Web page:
Parent entities are typically shielded from liability for the actions of their subsidiaries. In the E.U., however, the competition law and the General Data Protection Regulation (GDPR) leverage the concept of an “undertaking” to significantly lower the threshold for holding parents liable. The European Commission has taken advantage of this in the past to levy fines against private equity (PE) sponsors for antitrust violations committed by their portfolio companies, and this risk could be amplified significantly if the competent data protection authorities pursue the same tack with GDPR violations by portfolio companies. This first article in a three-part series describes the increased risk of parental liability under the E.U. competition law and the GDPR, as well as certain ramifications PE sponsors could face. The second article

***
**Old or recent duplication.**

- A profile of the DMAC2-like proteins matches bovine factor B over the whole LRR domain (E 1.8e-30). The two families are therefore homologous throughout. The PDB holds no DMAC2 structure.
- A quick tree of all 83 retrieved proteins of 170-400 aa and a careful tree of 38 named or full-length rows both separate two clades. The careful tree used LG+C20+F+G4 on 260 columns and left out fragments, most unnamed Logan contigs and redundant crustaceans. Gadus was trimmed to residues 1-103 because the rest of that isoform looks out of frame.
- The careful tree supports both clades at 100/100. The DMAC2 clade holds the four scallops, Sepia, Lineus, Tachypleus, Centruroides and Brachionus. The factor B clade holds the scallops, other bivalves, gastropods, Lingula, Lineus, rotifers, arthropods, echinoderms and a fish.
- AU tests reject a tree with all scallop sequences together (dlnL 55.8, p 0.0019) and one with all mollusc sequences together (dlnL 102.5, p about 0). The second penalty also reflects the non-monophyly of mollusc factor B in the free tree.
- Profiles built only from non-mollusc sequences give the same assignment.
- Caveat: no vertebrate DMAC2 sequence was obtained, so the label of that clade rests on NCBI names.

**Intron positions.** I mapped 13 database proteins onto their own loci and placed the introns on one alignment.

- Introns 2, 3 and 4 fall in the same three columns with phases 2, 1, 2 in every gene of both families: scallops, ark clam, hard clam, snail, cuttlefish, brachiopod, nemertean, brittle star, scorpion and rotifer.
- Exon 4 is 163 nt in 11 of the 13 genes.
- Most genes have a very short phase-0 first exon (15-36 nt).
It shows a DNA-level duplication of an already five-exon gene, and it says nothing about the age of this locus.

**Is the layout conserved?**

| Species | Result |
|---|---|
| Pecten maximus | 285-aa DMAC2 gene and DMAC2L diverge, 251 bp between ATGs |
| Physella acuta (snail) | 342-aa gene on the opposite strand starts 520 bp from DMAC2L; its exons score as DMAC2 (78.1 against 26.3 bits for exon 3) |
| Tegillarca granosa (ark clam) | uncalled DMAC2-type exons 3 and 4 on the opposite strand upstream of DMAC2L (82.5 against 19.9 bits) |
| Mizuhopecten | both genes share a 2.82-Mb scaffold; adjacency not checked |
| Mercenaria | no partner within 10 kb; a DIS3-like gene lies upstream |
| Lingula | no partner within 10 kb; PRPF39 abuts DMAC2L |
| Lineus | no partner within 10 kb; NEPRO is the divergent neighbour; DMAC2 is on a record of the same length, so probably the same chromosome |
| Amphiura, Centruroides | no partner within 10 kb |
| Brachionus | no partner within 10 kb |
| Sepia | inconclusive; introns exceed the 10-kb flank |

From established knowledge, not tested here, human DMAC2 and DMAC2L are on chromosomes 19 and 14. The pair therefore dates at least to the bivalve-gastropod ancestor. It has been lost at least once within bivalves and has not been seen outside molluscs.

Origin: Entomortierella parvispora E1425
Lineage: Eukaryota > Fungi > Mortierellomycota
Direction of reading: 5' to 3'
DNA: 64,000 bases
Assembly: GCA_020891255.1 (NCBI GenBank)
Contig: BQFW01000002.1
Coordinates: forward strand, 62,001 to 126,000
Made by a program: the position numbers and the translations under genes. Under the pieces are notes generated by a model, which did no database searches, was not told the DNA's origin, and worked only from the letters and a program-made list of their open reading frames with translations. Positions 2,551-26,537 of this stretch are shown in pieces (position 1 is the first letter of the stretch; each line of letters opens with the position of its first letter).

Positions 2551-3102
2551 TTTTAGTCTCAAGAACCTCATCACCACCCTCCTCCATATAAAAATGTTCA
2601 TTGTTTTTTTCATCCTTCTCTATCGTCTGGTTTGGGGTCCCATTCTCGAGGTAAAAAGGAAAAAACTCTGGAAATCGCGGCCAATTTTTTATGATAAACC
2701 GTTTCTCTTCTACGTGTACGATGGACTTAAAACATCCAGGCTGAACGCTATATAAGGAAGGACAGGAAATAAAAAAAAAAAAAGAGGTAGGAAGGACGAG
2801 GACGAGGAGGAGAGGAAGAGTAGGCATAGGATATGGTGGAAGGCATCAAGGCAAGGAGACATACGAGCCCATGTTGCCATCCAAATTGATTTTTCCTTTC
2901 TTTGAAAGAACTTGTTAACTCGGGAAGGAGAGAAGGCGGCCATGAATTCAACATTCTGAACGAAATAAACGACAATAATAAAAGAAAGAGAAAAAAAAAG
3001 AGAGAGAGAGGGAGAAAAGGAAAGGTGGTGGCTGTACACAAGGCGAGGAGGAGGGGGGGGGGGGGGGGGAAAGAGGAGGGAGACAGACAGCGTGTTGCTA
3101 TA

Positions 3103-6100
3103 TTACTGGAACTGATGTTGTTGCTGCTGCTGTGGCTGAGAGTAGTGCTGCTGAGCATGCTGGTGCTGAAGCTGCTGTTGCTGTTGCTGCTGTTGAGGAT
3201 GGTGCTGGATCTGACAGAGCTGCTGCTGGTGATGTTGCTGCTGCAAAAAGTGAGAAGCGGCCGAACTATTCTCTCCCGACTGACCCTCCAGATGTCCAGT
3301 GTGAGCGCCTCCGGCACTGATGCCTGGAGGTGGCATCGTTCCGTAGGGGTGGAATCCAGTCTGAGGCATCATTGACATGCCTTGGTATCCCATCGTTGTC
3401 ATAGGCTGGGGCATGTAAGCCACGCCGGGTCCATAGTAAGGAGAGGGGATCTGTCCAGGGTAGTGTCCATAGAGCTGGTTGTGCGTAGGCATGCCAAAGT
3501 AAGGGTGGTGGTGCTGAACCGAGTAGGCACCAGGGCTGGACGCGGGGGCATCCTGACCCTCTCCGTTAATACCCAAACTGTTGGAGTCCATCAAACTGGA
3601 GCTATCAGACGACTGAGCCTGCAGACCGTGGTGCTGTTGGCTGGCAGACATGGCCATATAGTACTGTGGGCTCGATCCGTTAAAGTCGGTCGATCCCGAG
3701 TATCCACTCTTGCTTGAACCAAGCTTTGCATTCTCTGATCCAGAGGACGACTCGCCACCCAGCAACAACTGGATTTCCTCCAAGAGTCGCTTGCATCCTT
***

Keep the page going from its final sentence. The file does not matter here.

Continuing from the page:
will explain the rebuttable presumption that a parent sponsor exerts decisive influence over the commercial policy of its subsidiary, along with common misconceptions shared by PE sponsors and other parents about ways to mitigate this risk. The final article
will prescribe measures PE sponsors can adopt before and after acquiring a portfolio company to mitigate the risk of E.U. parental liability. For more on previous antitrust claims in the PE industry, see “Federal Antitrust Suit Against Ten Prominent Private Equity Firms Based on Allegations of ‘Club Etiquette’ Not to Jump Announced Deals Survives Summary Judgment Motion
” (Apr. 11, 2013).